PETA and the Humane Society of the United States, both of which had previously investigated and campaigned against the animal abuse of Exotic and other private breeders featured in the show, responded more positively to Tiger King for raising the profile of the issue of big cats in captivity. However, PETA noted the series "largely skips over serious issues of animal welfare, including the horrors of cub trafficking and the problems with commercial cub-petting attractions".
Accusations of misogynyEdit
The Independent's Kathleen Walsh posited that the show's treatment of, and the public reaction to, Baskin has been misogynistic: "The series provides example after example of Exotic's violence, cruelty, and narcissism, while the evidence against Baskin (compelling enough as it is framed in the series) is circumstantial. Maybe Baskin did kill her husband—and the third episode of the series is devoted to the evidence pointing to this conclusion—but so far there is little more than speculation to say that she did. Meanwhile, the series shows clips from Exotic's erstwhile YouTube series in which he poses alongside a blow-up doll, Baskin in effigy, shoving a dildo into its mouth and shooting it in the head."
Awards and nominationsEdit
|Primetime Emmy Awards||Outstanding Documentary or Nonfiction Series||Chris Smith, Fisher Stevens, Eric Goode and Rebecca Chaiklin||Nominated|||
|Outstanding Directing for a Documentary/Nonfiction Program||Eric Goode and Rebecca Chaiklin (for "Cult of Personality")||Nominated|
|Outstanding Music Composition for a Documentary Series or Special (Original Dramatic Score)||Mark Mothersbaugh, John Enroth and Albert Fox (for "Not Your Average Joe")||Nominated|
|Outstanding Picture Editing for Nonfiction Programming||Doug Abel, Nicholas Biagetti, Dylan Hansen-Fliedner, Geoffrey Richman and Daniel Kohler (for "Cult of Personality")||Nominated|
|Outstanding Sound Editing for a Nonfiction or Reality Program (Single or Multi-Camera)||Ian Cymore, Rachel Wardell and Steve Griffen (for "Cult of Personality")||Nominated|
|Outstanding Sound Mixing for a Nonfiction or Reality Program (Single or Multi-Camera)||Jose Araujo, Royce Sharp, Jack Neu and Ian Cymore (for "The Noble Thing to Do")||Nominated|
|Hollywood Music in Media Awards||Best Original Score in a Documentary TV Series||Mark Mothersbaugh, John Enroth, Albert Fox and Robert Mothersbaugh||Nominated|||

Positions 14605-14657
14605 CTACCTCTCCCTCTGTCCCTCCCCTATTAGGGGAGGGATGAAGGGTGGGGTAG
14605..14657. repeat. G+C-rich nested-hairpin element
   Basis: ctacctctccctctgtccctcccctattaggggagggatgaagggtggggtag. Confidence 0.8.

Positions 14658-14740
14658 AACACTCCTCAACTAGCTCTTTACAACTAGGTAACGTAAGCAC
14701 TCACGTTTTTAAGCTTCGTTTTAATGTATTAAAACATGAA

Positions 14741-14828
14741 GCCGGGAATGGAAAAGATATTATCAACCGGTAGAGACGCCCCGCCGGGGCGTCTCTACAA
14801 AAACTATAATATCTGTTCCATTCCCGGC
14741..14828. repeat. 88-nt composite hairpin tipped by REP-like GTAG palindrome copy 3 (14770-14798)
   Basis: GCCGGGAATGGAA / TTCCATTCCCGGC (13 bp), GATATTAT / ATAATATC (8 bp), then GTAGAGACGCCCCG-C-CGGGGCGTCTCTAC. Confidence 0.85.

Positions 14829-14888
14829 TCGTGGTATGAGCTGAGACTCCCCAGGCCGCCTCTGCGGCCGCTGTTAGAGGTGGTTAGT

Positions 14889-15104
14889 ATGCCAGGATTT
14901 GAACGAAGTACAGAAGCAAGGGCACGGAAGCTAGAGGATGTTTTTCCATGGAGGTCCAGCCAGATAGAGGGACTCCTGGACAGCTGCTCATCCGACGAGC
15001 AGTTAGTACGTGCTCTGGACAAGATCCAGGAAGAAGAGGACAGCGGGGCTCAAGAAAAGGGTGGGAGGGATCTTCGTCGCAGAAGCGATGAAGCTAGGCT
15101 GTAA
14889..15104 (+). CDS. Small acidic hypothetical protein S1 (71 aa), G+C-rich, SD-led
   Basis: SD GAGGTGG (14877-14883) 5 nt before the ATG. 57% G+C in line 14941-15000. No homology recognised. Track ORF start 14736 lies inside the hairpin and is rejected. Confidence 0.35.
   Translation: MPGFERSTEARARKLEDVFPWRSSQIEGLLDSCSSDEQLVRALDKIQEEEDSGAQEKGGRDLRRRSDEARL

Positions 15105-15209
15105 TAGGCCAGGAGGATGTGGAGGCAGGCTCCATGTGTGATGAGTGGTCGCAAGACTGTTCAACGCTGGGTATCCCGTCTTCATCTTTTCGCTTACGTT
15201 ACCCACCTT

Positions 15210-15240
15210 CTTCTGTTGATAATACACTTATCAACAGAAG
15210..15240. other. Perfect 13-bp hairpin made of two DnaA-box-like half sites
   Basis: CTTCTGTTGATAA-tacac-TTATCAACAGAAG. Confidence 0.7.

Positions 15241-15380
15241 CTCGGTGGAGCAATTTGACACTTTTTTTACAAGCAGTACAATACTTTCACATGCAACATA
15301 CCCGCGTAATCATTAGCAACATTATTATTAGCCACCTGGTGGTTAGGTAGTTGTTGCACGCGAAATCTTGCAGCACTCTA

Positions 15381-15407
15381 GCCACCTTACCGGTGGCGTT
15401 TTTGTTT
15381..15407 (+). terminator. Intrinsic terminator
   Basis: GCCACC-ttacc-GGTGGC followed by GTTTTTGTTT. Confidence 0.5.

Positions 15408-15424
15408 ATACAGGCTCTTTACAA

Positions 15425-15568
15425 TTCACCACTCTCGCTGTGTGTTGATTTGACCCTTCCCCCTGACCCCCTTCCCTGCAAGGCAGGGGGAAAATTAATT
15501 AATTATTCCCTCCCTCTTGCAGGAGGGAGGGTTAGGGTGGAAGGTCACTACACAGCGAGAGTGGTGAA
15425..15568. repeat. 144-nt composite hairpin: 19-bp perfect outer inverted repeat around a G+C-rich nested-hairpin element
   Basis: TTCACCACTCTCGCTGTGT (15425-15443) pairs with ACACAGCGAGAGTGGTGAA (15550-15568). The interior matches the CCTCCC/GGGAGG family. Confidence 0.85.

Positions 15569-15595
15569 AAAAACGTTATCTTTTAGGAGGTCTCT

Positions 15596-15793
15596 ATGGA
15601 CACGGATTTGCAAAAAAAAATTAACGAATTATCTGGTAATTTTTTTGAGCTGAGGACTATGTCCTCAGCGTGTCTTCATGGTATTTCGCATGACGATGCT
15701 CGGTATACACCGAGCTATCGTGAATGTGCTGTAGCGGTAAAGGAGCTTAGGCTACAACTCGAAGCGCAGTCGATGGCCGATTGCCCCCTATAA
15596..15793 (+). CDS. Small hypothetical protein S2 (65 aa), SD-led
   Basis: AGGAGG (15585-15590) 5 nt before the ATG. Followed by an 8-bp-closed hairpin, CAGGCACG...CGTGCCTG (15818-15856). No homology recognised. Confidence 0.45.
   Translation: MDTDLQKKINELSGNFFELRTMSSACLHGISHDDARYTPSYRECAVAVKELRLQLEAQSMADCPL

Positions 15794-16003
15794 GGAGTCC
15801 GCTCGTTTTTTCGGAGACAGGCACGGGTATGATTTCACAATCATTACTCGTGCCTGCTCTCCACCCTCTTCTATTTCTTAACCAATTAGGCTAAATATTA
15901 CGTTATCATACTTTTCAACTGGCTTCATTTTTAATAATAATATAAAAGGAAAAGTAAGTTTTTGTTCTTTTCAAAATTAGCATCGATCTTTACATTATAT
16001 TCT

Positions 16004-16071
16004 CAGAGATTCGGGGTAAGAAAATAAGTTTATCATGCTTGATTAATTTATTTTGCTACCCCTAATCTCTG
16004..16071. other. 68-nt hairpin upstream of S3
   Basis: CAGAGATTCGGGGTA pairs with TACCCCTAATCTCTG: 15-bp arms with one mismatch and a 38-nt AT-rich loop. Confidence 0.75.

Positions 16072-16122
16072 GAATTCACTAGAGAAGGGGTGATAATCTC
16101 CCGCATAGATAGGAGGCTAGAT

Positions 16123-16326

|MTV Movie & TV Awards||Best Real-Life Mystery or Crime Series||Tiger King||Pending|||
|Producers Guild of America Awards||Outstanding Producer of Non-Fiction Television||Chris Smith, Fisher Stevens, Eric Goode and Rebecca Chaiklin||Nominated|||
Response from those depictedEdit
Joe Exotic is the main focus of the series, with the documentary causing him to receive significant amounts of attention on social media. Ironically, despite the series being responsible for his worldwide fame and fanbase, he has not watched the series himself, due to being arrested prior to its release. Nevertheless, Netflix interviewed Exotic in jail, asking what he thinks of both the series and his newfound fame. Exotic stated that he loved the fame, but wished he could experience it firsthand. He also expressed remorse for his actions after being in jail, stating to his fans;
Go sit in a cage with your animals for a week. I mean, when I left the zoo and I sent my chimpanzees to the sanctuary in Florida and imagined what my chimpanzees went through for 18 years, I'm ashamed of myself.
Exotic added that he's "done with the Carole Baskin saga." In 2021, he began criticising some of the other people featured in the documentary, stating that "not one person came forward until the Netflix series came out and they could profit from it."
Carole Baskin and her husband Howard felt betrayed by filmmakers, stating she was told the discussion of Joe Exotic and Baskin's missing husband were just for context. In a post on the Big Cat Rescue website, Baskin said that the show "has a segment [in the third episode] devoted to suggesting, with lies and innuendos from people who are not credible, that I had a role in the disappearance of my husband Don 21 years ago" and that the series "presents this without any regard for the truth". Baskin has never been charged with anything related to Don's disappearance and has always denied having anything to do with it. In partial response to Baskin, director Goode stated while he felt Baskin had the right intention, he questioned if "it was fair to keep these tigers in cages", adding that the tigers "pace neurotically" and that "Sometimes you wonder whether or not one should humanely euthanize these cats instead of [letting them] suffer in cages". Baskin preemptively answered that "... our goal is to end having them in cages and have no need for a sanctuary like ours. Our federal bill, the Big Cat Public Safety Act, would stop the cub petting that drives the breeding and end ownership as pets in back yards." In addition, Goode and Chaiklin insisted that Baskin "wasn't coerced" into answering questions about her former husband. In February 2021, Baskin revealed that she had been asked to feature in a planned second season of the show, but she refused and told the producers to "lose her number".
Doc Antle was disappointed with his portrayal in the series, calling it a 'train wreck of entertainment' and "salacious." Antle said in an interview that he was not told that the series would be about the bitter feud between Baskin and Exotic, and said that he would've preferred to be "left out of it";
This is not a documentary. This is a salacious, outrageous ride through a television show produced to create drama, to just tie you in to some crazy train wreck of a story between the feud of Carole Baskin and Joe Exotic. Questions about Carole and Joe were a dozen or so thrown into hundreds of others. And I repeatedly told them, I have no desire to be involved in some show where you got the feud of Carole and Joe going on. It's not my thing. Leave me out of it.
Kelci "Saff" SafferyEdit